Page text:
This project protects 784,987 hectares of forests and wildlife on the southern shores of Lake Kariba. It is one of the largest registered REDD+ projects, connecting four national parks and eight safari reserves. The biodiversity corridor provided protects numerous vulnerable and endangered species including elephants, lions, hippos and more.
This project is uniquely important in that it conserves forests and wildlife that would have been destroyed for short term economic benefit, without sacrificing the local economic benefits themselves. In this way the local communities still benefit tremendously (see cobenefits below), as does the world as a whole, by preserving our rapidly diminishing flora and fauna.
Kariba is a community-based project, administered by the four local Rural District Councils (RDCs) of Binga, Nyaminyami, Hurungwe and Mbire. As such, the project supports a range of activities beyond environmental protection, promoting the independence and wellbeing of these communities. Improved clinic amenities provide better healthcare, infrastructure including new roads and boreholes improve daily life, and school subsidies are offered to the poorest quartile of the population. Project activities in conservation agriculture, community gardens, beekeeping training, fire management, and ecotourism create jobs and facilitate sustainable incomes, benefiting the entire region.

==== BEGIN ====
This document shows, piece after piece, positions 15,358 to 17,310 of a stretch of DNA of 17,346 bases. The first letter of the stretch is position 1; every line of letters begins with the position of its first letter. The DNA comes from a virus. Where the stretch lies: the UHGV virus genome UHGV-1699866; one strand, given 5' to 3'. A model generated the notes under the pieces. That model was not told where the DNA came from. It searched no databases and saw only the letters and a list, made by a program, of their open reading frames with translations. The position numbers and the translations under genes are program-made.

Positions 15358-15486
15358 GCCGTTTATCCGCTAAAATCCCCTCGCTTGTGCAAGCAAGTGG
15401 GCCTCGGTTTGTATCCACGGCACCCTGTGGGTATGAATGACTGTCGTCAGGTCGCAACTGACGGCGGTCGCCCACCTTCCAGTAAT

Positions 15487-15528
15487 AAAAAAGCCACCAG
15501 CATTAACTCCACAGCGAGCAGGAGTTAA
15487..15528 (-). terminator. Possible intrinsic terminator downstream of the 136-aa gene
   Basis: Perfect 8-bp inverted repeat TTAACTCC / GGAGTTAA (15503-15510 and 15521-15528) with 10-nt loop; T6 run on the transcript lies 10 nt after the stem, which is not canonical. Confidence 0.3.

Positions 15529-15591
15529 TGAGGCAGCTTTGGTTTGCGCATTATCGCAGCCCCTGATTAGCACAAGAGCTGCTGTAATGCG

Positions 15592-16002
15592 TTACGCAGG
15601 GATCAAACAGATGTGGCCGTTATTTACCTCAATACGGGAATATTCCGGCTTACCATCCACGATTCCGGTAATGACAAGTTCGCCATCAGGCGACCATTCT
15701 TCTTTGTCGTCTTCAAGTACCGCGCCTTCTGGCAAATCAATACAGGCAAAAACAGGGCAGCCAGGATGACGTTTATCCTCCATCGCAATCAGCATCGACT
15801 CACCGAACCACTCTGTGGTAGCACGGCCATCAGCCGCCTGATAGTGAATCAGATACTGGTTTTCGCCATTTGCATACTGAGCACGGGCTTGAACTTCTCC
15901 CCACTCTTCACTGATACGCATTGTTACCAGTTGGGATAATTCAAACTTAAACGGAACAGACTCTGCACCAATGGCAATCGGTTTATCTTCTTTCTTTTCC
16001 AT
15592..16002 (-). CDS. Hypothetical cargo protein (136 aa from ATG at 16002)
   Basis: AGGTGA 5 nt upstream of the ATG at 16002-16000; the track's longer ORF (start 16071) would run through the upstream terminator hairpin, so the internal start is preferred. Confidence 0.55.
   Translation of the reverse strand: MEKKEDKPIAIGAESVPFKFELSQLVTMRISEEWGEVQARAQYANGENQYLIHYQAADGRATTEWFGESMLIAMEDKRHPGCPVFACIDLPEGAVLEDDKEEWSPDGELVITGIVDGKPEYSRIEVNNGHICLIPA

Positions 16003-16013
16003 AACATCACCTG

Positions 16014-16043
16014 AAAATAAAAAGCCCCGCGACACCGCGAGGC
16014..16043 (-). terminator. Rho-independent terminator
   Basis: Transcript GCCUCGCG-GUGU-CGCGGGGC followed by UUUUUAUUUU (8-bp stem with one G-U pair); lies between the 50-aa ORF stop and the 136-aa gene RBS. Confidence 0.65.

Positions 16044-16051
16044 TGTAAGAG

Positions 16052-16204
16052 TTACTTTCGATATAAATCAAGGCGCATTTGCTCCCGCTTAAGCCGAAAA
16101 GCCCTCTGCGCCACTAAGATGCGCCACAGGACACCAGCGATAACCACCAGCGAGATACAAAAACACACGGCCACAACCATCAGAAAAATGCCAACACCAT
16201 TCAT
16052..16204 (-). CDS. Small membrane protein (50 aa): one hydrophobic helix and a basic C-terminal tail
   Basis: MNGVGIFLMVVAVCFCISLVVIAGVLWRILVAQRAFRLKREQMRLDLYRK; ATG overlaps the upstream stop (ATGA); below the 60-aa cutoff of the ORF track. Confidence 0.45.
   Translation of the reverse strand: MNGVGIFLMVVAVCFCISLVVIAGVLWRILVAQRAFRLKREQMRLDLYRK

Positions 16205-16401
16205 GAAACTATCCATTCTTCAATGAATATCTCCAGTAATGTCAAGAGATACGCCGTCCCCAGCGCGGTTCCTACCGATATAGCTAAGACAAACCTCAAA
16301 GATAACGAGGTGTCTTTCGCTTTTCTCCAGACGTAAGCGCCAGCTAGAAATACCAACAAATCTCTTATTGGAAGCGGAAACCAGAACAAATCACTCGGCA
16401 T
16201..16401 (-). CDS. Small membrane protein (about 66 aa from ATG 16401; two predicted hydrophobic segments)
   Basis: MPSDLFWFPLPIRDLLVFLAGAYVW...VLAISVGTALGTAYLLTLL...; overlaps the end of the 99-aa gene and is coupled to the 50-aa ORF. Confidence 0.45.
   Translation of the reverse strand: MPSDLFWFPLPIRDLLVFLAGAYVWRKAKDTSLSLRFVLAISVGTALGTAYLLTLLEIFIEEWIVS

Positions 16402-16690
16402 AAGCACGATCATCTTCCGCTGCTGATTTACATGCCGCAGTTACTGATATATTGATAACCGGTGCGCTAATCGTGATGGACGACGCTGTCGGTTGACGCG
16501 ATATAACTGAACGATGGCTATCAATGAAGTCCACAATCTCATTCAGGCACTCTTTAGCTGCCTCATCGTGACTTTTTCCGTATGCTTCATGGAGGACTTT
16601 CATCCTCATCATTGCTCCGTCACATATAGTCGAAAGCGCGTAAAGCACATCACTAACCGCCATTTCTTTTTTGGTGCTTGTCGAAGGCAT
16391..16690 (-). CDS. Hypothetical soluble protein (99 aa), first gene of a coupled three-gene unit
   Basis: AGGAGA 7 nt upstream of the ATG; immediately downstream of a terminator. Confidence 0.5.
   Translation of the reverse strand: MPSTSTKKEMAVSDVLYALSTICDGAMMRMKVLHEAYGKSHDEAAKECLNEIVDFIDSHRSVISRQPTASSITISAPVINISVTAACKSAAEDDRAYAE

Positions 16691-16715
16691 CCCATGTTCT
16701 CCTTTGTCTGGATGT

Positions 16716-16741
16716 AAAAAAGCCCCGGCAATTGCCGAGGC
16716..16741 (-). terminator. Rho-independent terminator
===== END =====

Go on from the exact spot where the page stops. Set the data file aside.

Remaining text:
This project has a wealth of other cobenefits including generating over $250,000 in the local economy (1), introduced non-destructive nutritional gardens for food production (2), supports infrastructure for 14 health clinics (3), built schools educating over 18,000 people (4), provides clean water for over 37,000 people (6), created 22 permanent jobs (8), increased the independence of the local economy (9), and preserves 784,987 hectares for land based animals (15) through a network of local and international partnerships (17).